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Army September 3, 2009
By Barry Rollings
IT'S A little-known fact the blood
ADF members donate is just as
likely to aid troops in need over-
seas as it is to be used domesti-
While that is a powerful enough
incentive, it is not for that reason
alone the ADF has lent its resources
and enthusiastic support to the 2009
blood donation campaign.
It is the 80th anniversary of blood
collection services in Australia, with
the Government designating 2009 as
the Year of the Blood Donor.
Maj Gary Schulz, Strategic
Logistic Branch, said the Australian
Red Cross Blood Service (ARCBS)
had been providing blood products
to Defence since it took over the
Army's blood and serum preparation
centres in 1945.
"The ADF is responsible for the
collection of blood and blood prod-
ucts from the ARCBS and distribu-
tion to the appropriate ADF health
facilities, other than where the
ARCBS agrees to deliver to a speci-
fied transfer point," Maj Schulz said.
"Blood is a class 8 item, and with-
in the joint force area of operation,
distribution of blood is the respon-
sibility of health staff at appropriate
headquarters in consultation with air
movements and logistics staff.
"Walking blood banks or the
establishment of a central blood
bank is where ADF health facilities
may collect from local ADF donors
to supplement existing stocks during
"The ADF applies very high
Blood injection needed
standards to the supply of blood and
many countries and the UN some-
times do not meet these standards."
With a requirement of about
21,000 blood donations a week,
statistics show only one in three
Australians give blood. This year
160,000 new donors are needed to
meet growing demand.
At the same time, Australia has
one of the lowest organ donation
rates in the developed world (in 2004
Australia had 10.8 donors per mil-
lion compared with 34.6 for Spain).
In Australia, there are typically 2000
or more people waiting for organs or
tissue donations, of whom 100 might
die each year.
Because you can help save
lives by registering your consent to
become an organ and tissue donor,
the Defence Blood and Organ
Donation Awareness Challenge from
September 1 to November 30 will
raise recognition in Defence of the
importance of donating blood and
registering for organ donation.
CDF ACM Angus Houston has
strongly encouraged the participa-
tion of all Defence personnel in this
"Your consent to donate you
organs in the event of your death is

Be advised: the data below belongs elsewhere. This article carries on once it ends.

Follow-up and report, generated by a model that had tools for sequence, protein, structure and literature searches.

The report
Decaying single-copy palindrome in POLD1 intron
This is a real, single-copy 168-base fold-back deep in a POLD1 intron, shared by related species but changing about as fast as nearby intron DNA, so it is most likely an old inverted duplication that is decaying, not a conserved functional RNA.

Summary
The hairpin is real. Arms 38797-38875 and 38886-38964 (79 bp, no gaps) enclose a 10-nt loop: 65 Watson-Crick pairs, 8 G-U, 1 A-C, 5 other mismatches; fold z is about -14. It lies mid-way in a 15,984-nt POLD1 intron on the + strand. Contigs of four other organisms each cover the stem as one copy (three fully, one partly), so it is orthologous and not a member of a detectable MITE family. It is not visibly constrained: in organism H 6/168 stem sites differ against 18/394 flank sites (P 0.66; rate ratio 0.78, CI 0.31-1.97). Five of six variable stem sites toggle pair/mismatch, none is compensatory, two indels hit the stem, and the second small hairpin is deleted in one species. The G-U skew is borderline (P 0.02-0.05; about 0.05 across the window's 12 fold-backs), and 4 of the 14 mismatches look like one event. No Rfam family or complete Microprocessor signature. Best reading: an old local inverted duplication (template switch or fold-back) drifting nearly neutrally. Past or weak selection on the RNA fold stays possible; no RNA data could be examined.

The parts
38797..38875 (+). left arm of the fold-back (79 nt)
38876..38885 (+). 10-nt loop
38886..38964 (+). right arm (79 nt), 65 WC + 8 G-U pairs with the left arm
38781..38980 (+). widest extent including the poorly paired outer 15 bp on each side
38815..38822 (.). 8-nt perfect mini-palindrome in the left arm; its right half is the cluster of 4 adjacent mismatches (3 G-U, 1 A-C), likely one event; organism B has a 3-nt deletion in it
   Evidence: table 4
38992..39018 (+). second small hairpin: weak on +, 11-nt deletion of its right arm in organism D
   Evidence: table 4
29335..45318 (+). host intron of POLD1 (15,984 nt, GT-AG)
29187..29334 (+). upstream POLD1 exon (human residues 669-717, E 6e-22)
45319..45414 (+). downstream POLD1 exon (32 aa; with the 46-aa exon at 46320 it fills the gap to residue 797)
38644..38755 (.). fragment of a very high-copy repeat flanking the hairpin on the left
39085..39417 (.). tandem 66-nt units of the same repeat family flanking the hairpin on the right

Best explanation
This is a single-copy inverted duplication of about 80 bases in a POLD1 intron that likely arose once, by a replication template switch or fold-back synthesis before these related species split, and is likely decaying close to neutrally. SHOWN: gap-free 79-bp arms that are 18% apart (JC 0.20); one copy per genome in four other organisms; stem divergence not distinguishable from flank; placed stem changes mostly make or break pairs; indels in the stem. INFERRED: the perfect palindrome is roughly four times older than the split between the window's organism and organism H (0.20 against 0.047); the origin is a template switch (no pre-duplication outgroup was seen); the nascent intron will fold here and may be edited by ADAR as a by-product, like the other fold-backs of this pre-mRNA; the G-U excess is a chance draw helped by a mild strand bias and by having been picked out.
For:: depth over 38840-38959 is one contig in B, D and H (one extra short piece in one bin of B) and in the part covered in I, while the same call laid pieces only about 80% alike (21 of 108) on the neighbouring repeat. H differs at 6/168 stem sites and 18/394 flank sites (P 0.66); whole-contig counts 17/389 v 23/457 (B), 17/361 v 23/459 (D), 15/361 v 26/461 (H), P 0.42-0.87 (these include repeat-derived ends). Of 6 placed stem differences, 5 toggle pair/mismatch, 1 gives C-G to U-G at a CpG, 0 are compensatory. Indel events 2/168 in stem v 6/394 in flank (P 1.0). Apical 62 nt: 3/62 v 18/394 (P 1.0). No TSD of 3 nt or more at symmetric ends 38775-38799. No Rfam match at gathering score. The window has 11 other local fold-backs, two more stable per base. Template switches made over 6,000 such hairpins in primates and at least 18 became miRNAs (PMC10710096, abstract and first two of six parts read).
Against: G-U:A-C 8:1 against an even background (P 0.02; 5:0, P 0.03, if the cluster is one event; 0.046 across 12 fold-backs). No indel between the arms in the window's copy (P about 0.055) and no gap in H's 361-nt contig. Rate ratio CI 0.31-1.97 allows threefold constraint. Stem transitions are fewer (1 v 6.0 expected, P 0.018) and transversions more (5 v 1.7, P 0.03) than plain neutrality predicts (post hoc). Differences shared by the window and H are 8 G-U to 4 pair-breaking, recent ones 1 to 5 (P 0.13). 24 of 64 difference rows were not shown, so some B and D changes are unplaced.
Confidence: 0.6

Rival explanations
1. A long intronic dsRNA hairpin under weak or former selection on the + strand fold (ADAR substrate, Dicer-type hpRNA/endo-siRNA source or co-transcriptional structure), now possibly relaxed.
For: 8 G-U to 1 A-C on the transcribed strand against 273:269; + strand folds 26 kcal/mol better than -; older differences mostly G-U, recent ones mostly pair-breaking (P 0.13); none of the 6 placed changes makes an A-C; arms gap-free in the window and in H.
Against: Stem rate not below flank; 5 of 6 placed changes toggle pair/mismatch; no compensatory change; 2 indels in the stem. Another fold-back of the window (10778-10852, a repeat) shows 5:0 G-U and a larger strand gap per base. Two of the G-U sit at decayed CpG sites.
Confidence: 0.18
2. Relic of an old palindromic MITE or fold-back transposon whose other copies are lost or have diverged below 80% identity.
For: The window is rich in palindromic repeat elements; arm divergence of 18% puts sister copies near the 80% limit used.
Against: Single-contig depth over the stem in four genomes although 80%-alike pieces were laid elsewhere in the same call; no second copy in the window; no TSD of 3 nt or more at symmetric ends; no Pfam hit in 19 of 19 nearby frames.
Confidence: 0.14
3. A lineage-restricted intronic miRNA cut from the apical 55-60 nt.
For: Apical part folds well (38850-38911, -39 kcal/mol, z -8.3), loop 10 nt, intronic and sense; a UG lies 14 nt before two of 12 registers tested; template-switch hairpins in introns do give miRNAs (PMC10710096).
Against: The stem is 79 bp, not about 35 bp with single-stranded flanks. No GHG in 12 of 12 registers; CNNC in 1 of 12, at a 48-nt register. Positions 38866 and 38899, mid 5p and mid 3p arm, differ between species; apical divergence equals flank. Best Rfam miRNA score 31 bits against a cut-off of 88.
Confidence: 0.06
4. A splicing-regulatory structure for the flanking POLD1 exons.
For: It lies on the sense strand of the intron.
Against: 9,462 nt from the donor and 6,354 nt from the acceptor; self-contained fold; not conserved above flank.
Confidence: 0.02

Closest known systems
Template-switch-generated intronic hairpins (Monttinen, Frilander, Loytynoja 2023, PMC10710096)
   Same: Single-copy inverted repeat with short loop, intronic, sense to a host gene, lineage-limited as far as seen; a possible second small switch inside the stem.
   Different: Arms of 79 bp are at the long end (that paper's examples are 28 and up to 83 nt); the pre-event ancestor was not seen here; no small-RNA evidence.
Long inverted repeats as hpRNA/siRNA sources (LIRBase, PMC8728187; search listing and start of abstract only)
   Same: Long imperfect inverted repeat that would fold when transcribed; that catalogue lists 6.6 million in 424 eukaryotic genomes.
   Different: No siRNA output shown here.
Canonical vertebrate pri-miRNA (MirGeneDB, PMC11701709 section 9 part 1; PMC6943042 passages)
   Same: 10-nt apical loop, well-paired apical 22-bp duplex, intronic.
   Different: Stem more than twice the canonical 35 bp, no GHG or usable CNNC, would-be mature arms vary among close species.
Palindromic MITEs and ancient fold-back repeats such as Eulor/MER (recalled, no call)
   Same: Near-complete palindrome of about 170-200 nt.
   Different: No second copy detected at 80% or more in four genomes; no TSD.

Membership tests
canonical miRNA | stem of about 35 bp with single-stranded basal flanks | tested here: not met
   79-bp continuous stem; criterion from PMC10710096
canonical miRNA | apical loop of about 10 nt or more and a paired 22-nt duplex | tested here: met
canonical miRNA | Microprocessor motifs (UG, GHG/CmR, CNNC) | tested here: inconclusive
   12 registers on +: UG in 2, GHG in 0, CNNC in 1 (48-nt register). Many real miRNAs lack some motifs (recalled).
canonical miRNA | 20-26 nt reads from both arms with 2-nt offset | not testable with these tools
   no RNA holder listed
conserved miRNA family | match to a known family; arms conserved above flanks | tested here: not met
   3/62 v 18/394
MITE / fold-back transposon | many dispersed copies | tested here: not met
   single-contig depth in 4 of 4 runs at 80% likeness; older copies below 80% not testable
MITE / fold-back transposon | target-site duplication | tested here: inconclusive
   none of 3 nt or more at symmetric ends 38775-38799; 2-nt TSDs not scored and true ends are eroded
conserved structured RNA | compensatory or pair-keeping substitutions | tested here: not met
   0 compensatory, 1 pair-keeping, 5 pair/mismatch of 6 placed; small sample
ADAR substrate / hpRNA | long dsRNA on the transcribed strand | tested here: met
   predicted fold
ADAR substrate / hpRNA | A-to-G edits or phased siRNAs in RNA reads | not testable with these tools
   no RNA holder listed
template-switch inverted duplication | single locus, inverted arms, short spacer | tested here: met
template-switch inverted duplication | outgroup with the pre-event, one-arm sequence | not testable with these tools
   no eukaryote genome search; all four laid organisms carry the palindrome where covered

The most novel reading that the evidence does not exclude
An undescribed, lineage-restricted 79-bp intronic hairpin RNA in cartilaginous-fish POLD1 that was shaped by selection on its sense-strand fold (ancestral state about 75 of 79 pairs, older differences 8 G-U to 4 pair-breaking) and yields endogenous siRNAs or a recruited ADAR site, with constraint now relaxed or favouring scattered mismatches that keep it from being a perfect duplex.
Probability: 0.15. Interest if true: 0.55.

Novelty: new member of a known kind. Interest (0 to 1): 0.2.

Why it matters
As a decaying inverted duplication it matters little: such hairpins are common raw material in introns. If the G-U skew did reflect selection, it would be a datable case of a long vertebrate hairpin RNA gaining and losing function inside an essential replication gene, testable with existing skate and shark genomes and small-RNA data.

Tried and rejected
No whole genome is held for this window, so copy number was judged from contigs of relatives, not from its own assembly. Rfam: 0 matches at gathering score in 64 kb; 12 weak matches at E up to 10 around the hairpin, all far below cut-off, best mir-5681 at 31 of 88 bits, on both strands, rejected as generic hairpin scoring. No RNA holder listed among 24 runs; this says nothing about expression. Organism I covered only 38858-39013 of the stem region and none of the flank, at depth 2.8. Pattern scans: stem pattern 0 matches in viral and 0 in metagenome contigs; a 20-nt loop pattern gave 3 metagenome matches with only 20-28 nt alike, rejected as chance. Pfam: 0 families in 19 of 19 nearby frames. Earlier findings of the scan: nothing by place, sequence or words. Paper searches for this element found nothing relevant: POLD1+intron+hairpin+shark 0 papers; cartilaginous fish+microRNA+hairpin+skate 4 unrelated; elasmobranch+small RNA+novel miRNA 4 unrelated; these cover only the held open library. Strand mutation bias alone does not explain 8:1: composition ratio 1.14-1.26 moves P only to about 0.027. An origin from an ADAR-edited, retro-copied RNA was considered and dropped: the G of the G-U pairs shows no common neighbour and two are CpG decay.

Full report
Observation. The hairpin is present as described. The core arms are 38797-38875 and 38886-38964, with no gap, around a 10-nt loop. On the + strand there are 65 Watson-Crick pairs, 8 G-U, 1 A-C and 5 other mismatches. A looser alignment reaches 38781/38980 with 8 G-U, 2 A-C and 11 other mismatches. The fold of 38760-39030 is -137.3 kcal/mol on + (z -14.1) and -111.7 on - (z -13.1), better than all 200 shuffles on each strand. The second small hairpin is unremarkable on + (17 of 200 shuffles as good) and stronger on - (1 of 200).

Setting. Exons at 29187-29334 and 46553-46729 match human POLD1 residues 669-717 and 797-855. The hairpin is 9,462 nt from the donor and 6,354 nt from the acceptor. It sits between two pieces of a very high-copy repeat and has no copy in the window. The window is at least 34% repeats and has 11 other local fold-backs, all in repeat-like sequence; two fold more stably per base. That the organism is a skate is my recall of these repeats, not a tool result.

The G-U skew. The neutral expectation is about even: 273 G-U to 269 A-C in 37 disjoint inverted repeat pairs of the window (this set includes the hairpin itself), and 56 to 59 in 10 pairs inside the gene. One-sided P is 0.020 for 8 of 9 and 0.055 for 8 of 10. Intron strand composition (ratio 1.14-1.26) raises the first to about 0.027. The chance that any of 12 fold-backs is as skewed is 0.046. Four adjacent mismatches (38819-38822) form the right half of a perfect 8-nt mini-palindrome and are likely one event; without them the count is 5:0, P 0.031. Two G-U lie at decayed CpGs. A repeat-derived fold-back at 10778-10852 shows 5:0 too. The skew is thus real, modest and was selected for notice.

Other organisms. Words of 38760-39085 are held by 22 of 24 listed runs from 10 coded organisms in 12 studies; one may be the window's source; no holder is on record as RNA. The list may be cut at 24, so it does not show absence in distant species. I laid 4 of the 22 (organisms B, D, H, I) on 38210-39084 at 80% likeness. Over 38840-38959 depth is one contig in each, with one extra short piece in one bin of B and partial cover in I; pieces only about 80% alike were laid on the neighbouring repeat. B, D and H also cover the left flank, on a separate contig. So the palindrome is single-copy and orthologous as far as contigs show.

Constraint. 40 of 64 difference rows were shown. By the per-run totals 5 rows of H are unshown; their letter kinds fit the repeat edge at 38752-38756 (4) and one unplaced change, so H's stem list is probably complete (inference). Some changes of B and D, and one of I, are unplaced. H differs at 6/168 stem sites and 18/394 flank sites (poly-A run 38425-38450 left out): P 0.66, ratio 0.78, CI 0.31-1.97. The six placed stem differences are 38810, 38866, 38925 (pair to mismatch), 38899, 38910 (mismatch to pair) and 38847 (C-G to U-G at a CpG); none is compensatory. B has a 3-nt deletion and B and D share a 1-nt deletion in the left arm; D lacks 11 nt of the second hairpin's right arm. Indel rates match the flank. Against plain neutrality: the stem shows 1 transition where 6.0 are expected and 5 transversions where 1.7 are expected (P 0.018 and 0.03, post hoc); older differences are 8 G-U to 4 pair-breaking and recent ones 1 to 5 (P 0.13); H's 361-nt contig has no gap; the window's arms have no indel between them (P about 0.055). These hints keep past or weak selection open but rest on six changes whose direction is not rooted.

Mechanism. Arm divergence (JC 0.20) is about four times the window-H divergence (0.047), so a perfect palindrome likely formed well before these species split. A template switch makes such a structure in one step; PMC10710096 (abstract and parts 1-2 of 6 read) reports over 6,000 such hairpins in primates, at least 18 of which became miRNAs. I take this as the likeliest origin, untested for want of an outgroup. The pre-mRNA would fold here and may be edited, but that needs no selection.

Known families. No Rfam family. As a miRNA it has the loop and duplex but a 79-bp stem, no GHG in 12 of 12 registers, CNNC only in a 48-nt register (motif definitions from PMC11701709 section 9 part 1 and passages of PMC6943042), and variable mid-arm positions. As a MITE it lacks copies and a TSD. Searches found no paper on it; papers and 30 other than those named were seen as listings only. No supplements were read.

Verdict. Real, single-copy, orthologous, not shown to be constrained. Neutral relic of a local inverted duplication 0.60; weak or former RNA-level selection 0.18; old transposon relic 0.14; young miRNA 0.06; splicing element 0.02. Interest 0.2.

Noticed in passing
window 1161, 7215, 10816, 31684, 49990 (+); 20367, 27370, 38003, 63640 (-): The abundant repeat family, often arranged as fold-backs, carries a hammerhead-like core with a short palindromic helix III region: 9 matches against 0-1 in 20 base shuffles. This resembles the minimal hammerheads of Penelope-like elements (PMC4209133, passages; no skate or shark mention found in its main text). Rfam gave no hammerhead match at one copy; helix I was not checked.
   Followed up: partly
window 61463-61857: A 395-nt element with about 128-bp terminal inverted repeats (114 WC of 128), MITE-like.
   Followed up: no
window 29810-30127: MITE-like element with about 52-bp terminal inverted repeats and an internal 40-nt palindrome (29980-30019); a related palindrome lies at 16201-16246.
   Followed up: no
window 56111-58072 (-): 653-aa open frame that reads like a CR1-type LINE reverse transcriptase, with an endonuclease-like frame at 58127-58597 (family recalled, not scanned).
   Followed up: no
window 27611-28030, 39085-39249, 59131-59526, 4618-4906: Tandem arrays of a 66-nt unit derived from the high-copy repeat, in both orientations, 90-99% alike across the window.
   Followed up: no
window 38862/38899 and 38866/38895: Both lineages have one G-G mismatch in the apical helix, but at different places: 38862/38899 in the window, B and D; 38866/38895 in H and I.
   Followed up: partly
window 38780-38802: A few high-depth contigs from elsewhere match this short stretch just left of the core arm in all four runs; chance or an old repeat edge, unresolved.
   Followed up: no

the kind of selfless decision that will
help save many lives," he said.
To find out more about organ donation
go to www.organdonation.org.au and to
register go to www.medicareaustralia.gov.
Signing up: Director General Strategic Logistics Brig David Saul does
the paperwork before donating blood.
Photo by LAC Aaron Curran
THE project to meticulously excavate
the remains of some 300 Australian
and British World War I soldiers is on
track, according to Defence Personnel,
Materiel and Science Minister Greg
Speaking in Parliament recently, Mr
Combet gave a progress report on the
project under way in Fromelles, France.
"I can assure the House that on
all available advice the Government
has received, whether it is from my
Department, the Fromelles Management
Board, the Commonwealth War Graves
Commission or independent experts
overseeing the project that the project is
being conducted in a very professional
and dignified manner," Mr Combet said.
He said the decision to engage
Oxford Archaeology as the excavators
was an international one, reached using
an open and transparent tender proc-
ess in accordance with Commonwealth
"They have been methodically under-
taking the archaeological excavation of
the sets of remains layer by layer in each
grave, with due care and process and the
operation is being fully documented in
accordance with world's best practice.
More than 220 sets of remains have
now been exhumed from the site.
LGC Forensics was contracted in
June 2009, through a competitive tender
process to complete DNA analysis of
the remains and undertake a matching
program with living relatives.
Oxford Archaeology has completed
full anthropological analysis of more
than 100 sets of remains and of these,
the majority are Australian.
The Australian Army has established
a database to collect information from
people whose relatives may be among
the First Australian Imperial Force sol-
diers buried at Pheasant Wood.
This database holds contact details
for 1469 relatives of those killed at
Fromelles with no known grave. The
Army is keeping those on this list regu-
larly updated on progress.
The remains of the soldiers will be
permanently laid to rest with full mili-
tary honours in individual graves at the
new Fromelles (Pheasant Wood) Military
The cost of the project will be shared
equally by both Britain and Australia.
In total, 5533 Australians were
recorded as killed, wounded or missing
after the 24 hours of the battle.
Progress report: Greg Combet.
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